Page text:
Deficit Democrats

There is a lot of uproar about the recent deficit dispute.  Republicans say, as if they were holding hands around a camp fire, that we are mortgaging our children’s future and that government spending is socialist.  The Democratic chorus is much less harmonious. Some want further stimulus to restart the stalling economy. Others are starting to raise concerns about the ever growing deficit.  Matt Bai, of the New York Times, wrote an article on this Democratic disunity. He likens the divide among Democrats to the 89th Congress under the presidential leadership of LBJ.  His analogy isn’t far off.  In many ways the Democratic party is very similar to its 1965 predecessors.  Democrats are internally divided on several issues, not the least of which is economics.  However, where the analogy abandons Bai is Congress’s institutional environment.  The contemporary legislative process would be virtually unrecognizable to the members of the 89th Congress.  That being said, the manner in which the current majority governs will require a different strategy.

As Bai points out, the Democratic majority is not making things easy for Obama.  They have a massive majority but it’s suspect to cleavages.  We saw this kind of split on the Healthcare vote.  An 81 seat majority squeezed out a 5-vote victory on the ACA bill. While the healthcare bill is unique in a lot of ways, we’ll likely see this kind of division on several of Obama’s initiatives.  Bai states:

“A minority of Congressional Democrats are already objecting to proposals supported by most of the party for billions more dollars in deficit spending this year on unemployment benefits and state aid, as a way of trying to avert a double-dip recession. But the bigger argument is over how quickly and aggressively Washington should act in the next few years to rein in government debt, which by 2020, the Congressional Budget Office tells us, could reach a staggering 90 percent of the gross domestic product.”

The simple fact is that the Democrats sacrificed a lot of potential unity in the 2006 and 2008 elections.  Instead of recruiting like-minded liberal Democrats, Pelosi & Co. targeted more conservative candidates to capture and extend their reach into the South and other conservative areas.  Sacrificing ideological cohesion for a congressional majority is not all bad; however, you do have to live with the consequences.

As this split emerges, the leadership will have a choice.  Either form a bipartisan coalition or capitulate to deficit Democrats.  Bai suggests that appealing to a bipartisan coalition in the manner of Clinton is Obama’s best bet.  There are a few problems with this.  One, Obama has a majority (a big one), not a minority.  Clinton forged most bipartisan coalitions because he had to.  The Republicans controlled Congress.  With a majority, we didn’t see Clinton reached across the aisle as often.  We also didn’t see him get much done either. In the remaining six years Clinton accomplished plenty through bipartisan means. But again, Obama is stuck in the predicament of Clinton’s first two years, not the last six.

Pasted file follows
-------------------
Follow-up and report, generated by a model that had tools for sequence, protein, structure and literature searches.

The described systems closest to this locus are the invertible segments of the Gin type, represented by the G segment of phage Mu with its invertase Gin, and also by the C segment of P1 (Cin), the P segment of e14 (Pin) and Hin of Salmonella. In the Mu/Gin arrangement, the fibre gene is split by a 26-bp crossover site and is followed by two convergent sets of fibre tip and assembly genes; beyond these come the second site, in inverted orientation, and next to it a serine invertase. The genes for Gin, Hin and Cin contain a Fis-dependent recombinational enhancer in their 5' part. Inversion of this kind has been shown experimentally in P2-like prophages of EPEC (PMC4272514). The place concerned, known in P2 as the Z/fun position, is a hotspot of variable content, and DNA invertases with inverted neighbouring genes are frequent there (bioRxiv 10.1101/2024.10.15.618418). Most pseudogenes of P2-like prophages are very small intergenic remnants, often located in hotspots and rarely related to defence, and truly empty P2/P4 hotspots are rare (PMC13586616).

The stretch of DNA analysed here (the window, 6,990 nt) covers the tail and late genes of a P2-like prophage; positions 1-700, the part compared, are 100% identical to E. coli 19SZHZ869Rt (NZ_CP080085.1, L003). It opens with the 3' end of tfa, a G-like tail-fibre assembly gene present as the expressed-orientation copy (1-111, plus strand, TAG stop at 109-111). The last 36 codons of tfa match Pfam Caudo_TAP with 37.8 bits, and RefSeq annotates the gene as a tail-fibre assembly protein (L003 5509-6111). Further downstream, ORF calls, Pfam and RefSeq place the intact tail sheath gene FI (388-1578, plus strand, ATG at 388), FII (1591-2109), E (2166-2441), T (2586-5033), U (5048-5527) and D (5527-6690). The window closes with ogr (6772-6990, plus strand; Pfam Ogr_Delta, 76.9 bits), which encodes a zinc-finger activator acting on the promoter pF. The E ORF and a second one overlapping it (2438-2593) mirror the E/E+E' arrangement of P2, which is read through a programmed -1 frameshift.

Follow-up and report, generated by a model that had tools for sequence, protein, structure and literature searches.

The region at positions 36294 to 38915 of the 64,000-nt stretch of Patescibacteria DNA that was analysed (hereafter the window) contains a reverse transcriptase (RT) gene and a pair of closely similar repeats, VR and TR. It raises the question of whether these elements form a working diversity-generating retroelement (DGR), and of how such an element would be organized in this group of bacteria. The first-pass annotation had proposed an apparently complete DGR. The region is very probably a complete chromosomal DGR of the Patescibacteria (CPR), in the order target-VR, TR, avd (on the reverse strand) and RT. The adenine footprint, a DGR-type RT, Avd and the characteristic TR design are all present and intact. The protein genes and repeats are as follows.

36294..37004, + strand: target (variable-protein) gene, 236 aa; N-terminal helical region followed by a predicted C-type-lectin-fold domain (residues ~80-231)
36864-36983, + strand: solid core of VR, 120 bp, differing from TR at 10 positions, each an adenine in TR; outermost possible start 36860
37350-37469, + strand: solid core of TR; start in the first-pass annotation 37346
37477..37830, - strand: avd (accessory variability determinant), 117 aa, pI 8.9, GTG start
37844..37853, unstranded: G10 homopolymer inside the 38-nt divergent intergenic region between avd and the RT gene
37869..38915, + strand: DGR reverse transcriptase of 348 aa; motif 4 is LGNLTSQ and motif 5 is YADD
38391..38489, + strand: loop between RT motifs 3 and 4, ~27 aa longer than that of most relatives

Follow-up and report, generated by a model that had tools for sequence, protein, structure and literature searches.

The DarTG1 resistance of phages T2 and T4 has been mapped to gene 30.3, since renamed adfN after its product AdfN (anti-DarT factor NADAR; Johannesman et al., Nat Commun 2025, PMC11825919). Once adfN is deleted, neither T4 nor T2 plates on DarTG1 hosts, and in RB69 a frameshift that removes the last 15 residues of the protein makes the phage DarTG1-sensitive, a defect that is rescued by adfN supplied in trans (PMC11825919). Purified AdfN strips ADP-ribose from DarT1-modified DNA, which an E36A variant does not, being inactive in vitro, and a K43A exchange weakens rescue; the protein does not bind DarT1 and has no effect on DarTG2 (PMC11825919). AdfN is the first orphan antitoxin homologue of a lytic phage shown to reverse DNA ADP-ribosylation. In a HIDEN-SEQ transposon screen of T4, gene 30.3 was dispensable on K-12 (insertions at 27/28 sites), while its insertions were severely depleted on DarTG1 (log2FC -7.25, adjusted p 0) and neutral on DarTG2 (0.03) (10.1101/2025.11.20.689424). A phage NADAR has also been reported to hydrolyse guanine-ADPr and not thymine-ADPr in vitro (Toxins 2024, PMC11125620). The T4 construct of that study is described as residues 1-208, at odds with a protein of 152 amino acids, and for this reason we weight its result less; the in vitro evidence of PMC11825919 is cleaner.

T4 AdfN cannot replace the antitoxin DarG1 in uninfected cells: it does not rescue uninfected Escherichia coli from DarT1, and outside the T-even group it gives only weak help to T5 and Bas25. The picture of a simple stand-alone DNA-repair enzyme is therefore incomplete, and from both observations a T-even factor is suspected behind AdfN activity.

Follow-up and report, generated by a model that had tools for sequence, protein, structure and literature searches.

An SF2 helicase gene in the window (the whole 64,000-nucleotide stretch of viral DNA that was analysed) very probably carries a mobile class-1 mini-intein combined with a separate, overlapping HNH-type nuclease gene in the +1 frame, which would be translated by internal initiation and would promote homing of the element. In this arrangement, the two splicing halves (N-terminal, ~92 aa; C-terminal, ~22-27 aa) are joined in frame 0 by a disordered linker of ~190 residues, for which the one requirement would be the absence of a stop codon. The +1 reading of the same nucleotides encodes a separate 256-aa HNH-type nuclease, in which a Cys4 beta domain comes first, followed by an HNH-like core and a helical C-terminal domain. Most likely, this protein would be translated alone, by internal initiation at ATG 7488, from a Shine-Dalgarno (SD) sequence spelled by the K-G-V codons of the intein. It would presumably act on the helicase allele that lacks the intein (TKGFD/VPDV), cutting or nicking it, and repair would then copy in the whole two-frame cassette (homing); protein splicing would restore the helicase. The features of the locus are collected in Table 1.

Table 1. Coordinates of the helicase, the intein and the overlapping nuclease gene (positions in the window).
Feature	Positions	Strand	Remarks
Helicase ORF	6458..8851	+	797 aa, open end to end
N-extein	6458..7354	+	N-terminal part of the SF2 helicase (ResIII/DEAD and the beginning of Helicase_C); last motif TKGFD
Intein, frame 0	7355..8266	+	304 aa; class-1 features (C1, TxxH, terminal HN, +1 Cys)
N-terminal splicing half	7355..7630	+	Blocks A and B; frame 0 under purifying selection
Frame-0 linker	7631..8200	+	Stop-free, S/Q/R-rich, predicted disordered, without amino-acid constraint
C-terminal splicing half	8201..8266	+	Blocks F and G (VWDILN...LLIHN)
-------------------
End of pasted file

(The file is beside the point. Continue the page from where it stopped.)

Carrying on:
In many ways, the 89th Congress was designed better for this type of situation. Committee chairs (most of them conservative Southerners) would form coalitions with whichever group agreed with them most; whether that was liberal Democrats or Republicans. The problem is that the contemporary Congress is designed differently.  Political parties run the show in Congress now, not committee chairs.  What this means is that Congressional Democrats are going to have to suck it up and deal with their disagreements.  They may try to reach out to Republicans but they won’t find many willing participants.  With incivility and polarization rampant throughout the political system, bipartisanship in Congress is simply not feasible.  Legislative procedure and threats of socialist takeover will prevent bipartisanship from becoming the norm for the moment.  If Republicans take back the House and Senate, that might be a different story.  Until then, Democrats will have to reach out to those on their side of the aisle.

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About Joshua Huder

http://gai.georgetown.edu/joshua-c-huder/
This entry was posted in Legislative Procedure, Legislative Theory. Bookmark the permalink.

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